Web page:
<a href="http://www.merriam-webster.com/dictionary/accessary" target="_blank">http://www.merriam-webster.com/dictionary/accessary</a>

It is usually a variant, so that is why you probably didn't find it.

Happy New WW Trivia!


Edited by JMElston (Sat Feb 20 2010 09:56 PM)
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#510592 - Sat Feb 20 2010 09:23 PM Re: Word Wizard - Content Issues [Re: JMElston]
abechstein Offline
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Another incomplete definition:

-----

12. Southern variety

Your answer: canebrake rattlesnake

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#510593 - Sat Feb 20 2010 09:27 PM Re: Word Wizard - Content Issues [Re: JMElston]
lesley153 Offline
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John, what a brilliant website - thank you, I have snagged it! All those references to a word I had no idea even existed!

I clicked a few of them, and they all took me to accessory. Do you suppose anyone actually uses the variant spelling in real life?
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#510594 - Sat Feb 20 2010 10:12 PM Re: Word Wizard - Content Issues [Re: lesley153]
JMElston Offline
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Lesley153, 'define accessary' has 390 hits vs 90,700 for 'define accessory' in Yahoo! searches. A search for 'accessary' gets 6,500 hits vs 3,500,000+ for 'accessory'. So, I would say that it isn't used very much, but it does exist.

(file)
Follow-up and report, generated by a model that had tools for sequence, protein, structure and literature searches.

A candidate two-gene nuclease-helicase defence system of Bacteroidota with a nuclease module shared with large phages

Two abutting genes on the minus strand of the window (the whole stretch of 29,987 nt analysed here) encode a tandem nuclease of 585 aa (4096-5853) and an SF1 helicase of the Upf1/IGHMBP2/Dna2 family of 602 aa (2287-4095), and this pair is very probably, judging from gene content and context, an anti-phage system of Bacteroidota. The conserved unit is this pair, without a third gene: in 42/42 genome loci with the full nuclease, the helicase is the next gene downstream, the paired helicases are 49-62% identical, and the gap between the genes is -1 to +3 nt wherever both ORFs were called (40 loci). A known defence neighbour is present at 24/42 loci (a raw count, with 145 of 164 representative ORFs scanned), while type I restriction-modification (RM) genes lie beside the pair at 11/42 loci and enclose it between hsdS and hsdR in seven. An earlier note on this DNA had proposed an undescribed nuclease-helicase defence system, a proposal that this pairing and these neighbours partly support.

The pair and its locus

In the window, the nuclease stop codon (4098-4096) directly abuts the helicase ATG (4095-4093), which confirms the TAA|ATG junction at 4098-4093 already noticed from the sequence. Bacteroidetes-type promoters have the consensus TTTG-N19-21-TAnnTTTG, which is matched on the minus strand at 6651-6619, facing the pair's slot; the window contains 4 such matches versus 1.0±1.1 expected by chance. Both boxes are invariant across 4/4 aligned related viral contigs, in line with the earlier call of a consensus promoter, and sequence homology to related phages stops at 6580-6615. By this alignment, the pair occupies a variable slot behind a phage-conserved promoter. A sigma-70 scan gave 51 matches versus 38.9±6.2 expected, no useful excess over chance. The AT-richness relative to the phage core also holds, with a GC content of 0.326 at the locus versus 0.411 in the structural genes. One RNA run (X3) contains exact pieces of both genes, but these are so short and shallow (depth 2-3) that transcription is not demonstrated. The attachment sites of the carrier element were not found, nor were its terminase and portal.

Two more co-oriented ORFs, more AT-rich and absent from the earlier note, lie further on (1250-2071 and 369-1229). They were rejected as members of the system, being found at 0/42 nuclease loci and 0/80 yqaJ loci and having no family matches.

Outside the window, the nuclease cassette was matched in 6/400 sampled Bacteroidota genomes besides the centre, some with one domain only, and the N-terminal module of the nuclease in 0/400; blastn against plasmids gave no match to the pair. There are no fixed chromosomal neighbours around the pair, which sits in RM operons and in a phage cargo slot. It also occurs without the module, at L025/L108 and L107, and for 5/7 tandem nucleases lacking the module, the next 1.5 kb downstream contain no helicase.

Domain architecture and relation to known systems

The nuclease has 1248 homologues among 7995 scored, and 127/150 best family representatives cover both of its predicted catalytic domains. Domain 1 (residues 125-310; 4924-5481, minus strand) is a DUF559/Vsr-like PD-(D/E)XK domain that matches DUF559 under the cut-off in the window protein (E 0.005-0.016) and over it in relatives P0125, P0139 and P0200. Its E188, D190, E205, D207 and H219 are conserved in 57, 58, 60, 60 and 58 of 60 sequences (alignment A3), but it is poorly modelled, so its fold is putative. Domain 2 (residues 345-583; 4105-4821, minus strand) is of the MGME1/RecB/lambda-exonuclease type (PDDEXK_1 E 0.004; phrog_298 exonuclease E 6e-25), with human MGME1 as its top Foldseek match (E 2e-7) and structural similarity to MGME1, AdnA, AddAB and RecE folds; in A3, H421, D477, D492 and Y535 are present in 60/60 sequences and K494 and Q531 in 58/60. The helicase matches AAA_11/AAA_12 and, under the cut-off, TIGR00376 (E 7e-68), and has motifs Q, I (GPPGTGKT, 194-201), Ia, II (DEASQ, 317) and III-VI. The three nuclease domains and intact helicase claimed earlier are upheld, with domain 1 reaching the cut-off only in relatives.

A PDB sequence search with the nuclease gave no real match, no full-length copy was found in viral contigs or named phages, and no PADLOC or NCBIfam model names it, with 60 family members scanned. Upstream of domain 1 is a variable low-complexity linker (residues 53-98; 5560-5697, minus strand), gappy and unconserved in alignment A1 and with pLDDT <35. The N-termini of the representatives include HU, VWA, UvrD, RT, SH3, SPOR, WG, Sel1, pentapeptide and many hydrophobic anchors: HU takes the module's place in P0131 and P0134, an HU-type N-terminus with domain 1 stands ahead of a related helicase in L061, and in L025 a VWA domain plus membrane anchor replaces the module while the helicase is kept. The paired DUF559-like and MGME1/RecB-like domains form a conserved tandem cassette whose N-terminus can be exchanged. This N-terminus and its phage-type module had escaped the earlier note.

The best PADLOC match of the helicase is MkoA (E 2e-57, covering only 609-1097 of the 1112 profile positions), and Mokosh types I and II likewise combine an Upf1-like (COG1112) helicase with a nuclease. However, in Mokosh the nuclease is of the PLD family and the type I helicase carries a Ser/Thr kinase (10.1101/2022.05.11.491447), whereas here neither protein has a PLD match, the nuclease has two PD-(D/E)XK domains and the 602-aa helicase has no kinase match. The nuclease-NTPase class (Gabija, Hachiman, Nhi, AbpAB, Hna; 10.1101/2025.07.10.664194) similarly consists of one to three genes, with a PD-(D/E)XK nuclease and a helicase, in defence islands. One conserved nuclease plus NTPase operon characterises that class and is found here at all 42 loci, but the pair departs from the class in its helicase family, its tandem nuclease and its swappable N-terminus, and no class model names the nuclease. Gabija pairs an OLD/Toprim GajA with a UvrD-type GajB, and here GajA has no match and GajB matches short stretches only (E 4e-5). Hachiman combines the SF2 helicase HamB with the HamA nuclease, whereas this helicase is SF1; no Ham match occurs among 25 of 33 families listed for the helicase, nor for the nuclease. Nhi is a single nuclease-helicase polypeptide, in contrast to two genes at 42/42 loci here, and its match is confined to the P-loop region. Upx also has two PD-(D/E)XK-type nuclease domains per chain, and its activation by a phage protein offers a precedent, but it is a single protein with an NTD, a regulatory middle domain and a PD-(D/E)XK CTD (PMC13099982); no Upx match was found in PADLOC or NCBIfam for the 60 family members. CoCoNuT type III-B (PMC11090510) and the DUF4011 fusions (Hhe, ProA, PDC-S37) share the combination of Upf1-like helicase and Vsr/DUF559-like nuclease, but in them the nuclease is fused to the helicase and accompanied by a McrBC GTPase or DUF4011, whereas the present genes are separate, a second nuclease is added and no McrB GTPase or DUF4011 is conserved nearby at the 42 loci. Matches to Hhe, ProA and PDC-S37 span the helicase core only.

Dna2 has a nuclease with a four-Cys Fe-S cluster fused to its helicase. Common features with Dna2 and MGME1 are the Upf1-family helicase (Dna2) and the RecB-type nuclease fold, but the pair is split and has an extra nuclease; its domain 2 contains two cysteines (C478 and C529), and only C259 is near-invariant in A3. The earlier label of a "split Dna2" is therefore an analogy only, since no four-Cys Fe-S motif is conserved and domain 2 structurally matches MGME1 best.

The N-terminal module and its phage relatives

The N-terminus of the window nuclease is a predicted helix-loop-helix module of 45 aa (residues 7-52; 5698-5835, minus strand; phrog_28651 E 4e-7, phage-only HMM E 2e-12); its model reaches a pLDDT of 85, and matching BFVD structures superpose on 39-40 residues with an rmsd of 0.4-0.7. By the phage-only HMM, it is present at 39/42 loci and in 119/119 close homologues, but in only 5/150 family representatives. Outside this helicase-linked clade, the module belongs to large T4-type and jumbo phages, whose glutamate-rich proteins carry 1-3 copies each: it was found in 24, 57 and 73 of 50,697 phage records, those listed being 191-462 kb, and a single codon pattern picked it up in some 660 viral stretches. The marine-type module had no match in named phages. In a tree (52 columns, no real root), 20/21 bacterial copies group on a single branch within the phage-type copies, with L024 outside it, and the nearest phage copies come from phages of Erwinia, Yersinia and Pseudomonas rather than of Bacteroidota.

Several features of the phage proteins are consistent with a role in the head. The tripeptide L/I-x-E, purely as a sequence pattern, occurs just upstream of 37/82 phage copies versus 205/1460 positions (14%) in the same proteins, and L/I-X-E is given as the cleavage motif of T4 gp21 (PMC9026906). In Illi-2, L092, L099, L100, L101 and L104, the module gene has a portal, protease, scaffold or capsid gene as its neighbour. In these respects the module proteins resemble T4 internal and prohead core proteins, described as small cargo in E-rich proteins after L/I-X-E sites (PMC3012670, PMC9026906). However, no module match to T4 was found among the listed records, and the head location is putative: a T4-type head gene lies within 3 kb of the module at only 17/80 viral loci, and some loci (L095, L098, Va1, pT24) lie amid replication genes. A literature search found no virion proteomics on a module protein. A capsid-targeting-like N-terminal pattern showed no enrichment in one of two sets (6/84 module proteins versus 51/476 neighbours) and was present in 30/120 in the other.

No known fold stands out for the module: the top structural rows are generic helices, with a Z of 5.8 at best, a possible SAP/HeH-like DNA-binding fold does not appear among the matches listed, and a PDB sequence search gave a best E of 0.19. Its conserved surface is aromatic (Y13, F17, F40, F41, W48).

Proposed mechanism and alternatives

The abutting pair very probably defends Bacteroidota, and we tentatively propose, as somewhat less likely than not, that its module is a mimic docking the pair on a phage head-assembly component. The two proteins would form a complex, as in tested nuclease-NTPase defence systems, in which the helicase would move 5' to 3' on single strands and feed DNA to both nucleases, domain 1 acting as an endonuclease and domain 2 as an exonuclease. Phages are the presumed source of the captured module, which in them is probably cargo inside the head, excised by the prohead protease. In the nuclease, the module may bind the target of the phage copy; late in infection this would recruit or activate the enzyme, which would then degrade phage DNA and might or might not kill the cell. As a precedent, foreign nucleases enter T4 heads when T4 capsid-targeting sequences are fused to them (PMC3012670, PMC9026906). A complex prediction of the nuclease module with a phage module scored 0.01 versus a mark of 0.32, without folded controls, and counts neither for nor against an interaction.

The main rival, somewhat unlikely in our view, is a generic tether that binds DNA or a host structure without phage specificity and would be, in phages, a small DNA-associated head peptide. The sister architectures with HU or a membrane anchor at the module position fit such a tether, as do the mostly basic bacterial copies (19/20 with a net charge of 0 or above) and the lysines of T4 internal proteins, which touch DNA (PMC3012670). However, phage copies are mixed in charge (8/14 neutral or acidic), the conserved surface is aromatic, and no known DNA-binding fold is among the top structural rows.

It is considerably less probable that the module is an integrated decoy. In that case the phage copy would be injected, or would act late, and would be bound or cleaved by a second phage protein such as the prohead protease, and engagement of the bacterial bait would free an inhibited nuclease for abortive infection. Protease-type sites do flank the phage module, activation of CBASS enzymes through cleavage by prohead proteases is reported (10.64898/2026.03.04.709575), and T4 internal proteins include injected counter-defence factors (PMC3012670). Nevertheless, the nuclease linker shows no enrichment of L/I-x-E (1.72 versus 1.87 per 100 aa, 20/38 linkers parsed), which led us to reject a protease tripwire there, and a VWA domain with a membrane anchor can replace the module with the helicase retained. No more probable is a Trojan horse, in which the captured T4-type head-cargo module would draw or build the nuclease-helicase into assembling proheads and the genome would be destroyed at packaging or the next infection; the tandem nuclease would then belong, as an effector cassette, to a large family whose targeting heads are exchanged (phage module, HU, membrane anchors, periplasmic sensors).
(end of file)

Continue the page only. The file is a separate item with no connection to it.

Commenting on Abechstein's post on other language characters, I would say that they should be included. They are the English names of those characters. Most likely there is a 'vav' entry as well as the 'waw' entry for the Hebrew character. Just my opinion.

Happy New WW Trivia!
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#510595 - Sat Feb 20 2010 11:02 PM Re: Word Wizard - Content Issues [Re: JMElston]
lesley153 Offline
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Oh yes - I wasn't arguing about its existence, but I've never seen it before, and agree that it can't be used very much. Perhaps in word puzzle clues.

By the way, I was a little taken aback when I saw waw. I've always known the letter as vov or vav, so waw was a very strange variation. How on earth would you pronounce it?
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#510596 - Sun Feb 21 2010 03:11 AM Re: Word Wizard - Content Issues [Re: lesley153]
abechstein Offline
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Sephardic Hebrew speakers pronounce that letter just like you'd think -- the "v" sound is replaced with a "w" sound. So, the name of the letter is pronounced sort of like the English interjection "wow".

The only reason I don't think it's necessarily appropriate to have "words" like this included in the game is highlighted by JMelston's post -- "waw" is not the "English name" of the character, it is merely the English transliteration of the pronunciation of the character by speakers of one Hebrew dialect. For this reason, I would say it's not really a English word at all.